- imagineer (imagine + engineer) - an engineer who works on creative projects
- intercom (internal + communication) - loudspeaker system that sends audio messages to selected people
- malware (malicious + software) - software designed to cause damage to a computer or network
- modem (modulator + demodulator) - device that transmits data from one computer to another
- netiquette (network + etiquette) - proper online behavior and manners
- pixel (picture + element) - an individual photographic element of a televised or computerized image
- podcast (iPod + broadcast) - an audio talk show that was first available on iPods
- webinar (web + seminar) - meeting or lesson available on the Internet
The late 20th-century trend of adding the prefix e- to anything electronic is one of the earlier uses of technological portmanteaus. The same answer goes for the prefix web- and the suffix -log, both of which have a strong presence in our vocabulary today.
Some of your favorite new foods may actually be portmanteaus. Words like froyo and frappuccino are embedded in our modern culinary lexicon – and they’re delicious, too! Other common food portmanteaus include:
- cronut (croissant + doughnut) - flaky iced pastry
- frappuccino (frappé + cappuccino) - iced coffee drink
- froyo (frozen + yogurt) - frozen treat made of yogurt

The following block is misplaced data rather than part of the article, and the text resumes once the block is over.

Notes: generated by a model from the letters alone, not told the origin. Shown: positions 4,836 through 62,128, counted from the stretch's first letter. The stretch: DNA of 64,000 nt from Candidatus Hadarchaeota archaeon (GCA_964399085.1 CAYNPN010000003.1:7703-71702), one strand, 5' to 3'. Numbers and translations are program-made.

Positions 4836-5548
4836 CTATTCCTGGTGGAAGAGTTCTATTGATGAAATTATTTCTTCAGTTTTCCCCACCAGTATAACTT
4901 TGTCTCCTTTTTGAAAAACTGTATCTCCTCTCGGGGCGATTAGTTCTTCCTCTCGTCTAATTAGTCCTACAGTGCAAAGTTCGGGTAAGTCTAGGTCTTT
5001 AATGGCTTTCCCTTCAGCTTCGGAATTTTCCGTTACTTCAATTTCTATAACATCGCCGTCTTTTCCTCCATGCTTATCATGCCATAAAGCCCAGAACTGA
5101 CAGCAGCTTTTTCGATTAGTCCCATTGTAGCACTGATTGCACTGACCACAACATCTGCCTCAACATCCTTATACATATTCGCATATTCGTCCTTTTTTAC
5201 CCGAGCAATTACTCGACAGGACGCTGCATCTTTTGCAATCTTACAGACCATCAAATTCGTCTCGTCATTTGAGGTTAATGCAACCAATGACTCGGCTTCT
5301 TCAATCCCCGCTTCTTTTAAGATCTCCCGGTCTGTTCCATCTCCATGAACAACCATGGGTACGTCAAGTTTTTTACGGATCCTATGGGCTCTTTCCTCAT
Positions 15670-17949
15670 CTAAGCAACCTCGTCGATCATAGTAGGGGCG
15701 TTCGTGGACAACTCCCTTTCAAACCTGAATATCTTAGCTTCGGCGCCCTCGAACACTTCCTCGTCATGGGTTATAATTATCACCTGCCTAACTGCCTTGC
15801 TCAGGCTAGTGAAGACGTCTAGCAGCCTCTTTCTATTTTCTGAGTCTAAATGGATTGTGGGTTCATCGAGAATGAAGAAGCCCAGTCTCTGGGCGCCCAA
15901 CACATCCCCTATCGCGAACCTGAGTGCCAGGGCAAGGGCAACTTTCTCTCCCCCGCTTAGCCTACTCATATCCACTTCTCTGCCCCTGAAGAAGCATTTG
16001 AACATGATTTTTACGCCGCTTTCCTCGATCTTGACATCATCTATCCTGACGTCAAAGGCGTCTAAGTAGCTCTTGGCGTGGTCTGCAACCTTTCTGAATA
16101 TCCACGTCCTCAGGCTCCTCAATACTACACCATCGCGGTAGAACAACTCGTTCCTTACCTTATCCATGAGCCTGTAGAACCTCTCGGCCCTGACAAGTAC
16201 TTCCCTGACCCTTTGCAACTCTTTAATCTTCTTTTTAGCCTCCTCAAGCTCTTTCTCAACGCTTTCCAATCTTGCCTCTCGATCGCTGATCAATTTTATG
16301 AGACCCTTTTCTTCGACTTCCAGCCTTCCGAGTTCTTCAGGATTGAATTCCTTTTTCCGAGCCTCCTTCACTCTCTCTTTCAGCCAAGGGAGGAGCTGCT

- gastropub (gastronomy + pub/public house) - pub or bar that serves food
- grapple (grape + apple) - hybrid of a grape and an apple
- mocktail (mock + cocktail) - cocktail without alcohol
- popsicle (pop + icicle) - frozen treat made of juice
- pluot (plum + apricot) - hybrid stone fruit, also known as plumcot or aprium
- Silk (soy + milk) - line of soy milk products
- Spam (spiced + ham) - canned meat product
- tofurky (tofu + turkey) - tofu food product flavored to taste like turkey
Several crops have been crossbred to create new foods. Pluots are just one example of two fruits that come together for a new purpose. Who knows what the future holds for your other favorite foods?
Crossbreeding occurs in the animal world as well. It occurs in domesticated animals, captive animals, and even in the wild. Check out these portmanteaus derived from brand-new animal breeds.
Crossbred dogs, also known as designer breeds, are popular because of their desirable characteristics. Many of these dog breeds end in -doodle or -poo, indicating that the dog has been crossbred with a poodle. Poodles are popular dogs for crossbreeding because of their hypoallergenic fur.
Examples of dog breed portmanteaus include:
- Aussiedoodle - offspring of an Australian Shepherd and a Poodle
- Chug - offspring of a Chihuahua and a Pug
- Cockapoo - offspring of a Cocker Spaniel and a Poodle
- Horgi - offspring of a Husky and a Corgi
- Labradoodle - offspring of a Labrador and a Poodle
- Maltipoo - offspring of a Maltese and a Poodle
- Pitsky - offspring of a Pit Bull and a Husky
- Puggle - offspring off a Pug and a Beagle
Dogs aren’t the only animals with new names! Here are more examples of animals that have been crossbred in captivity or in the wild, and their portmanteau names:
- Beefalo - offspring of a buffalo and a cow, also known as Cattalo
- Cama - offspring of a camel and a llama
- Coywolf - offspring of a coyote and a wolf
- Geep - offspring of a goat and a sheep
- Grolar Bear - offspring of a grizzly bear and a polar bear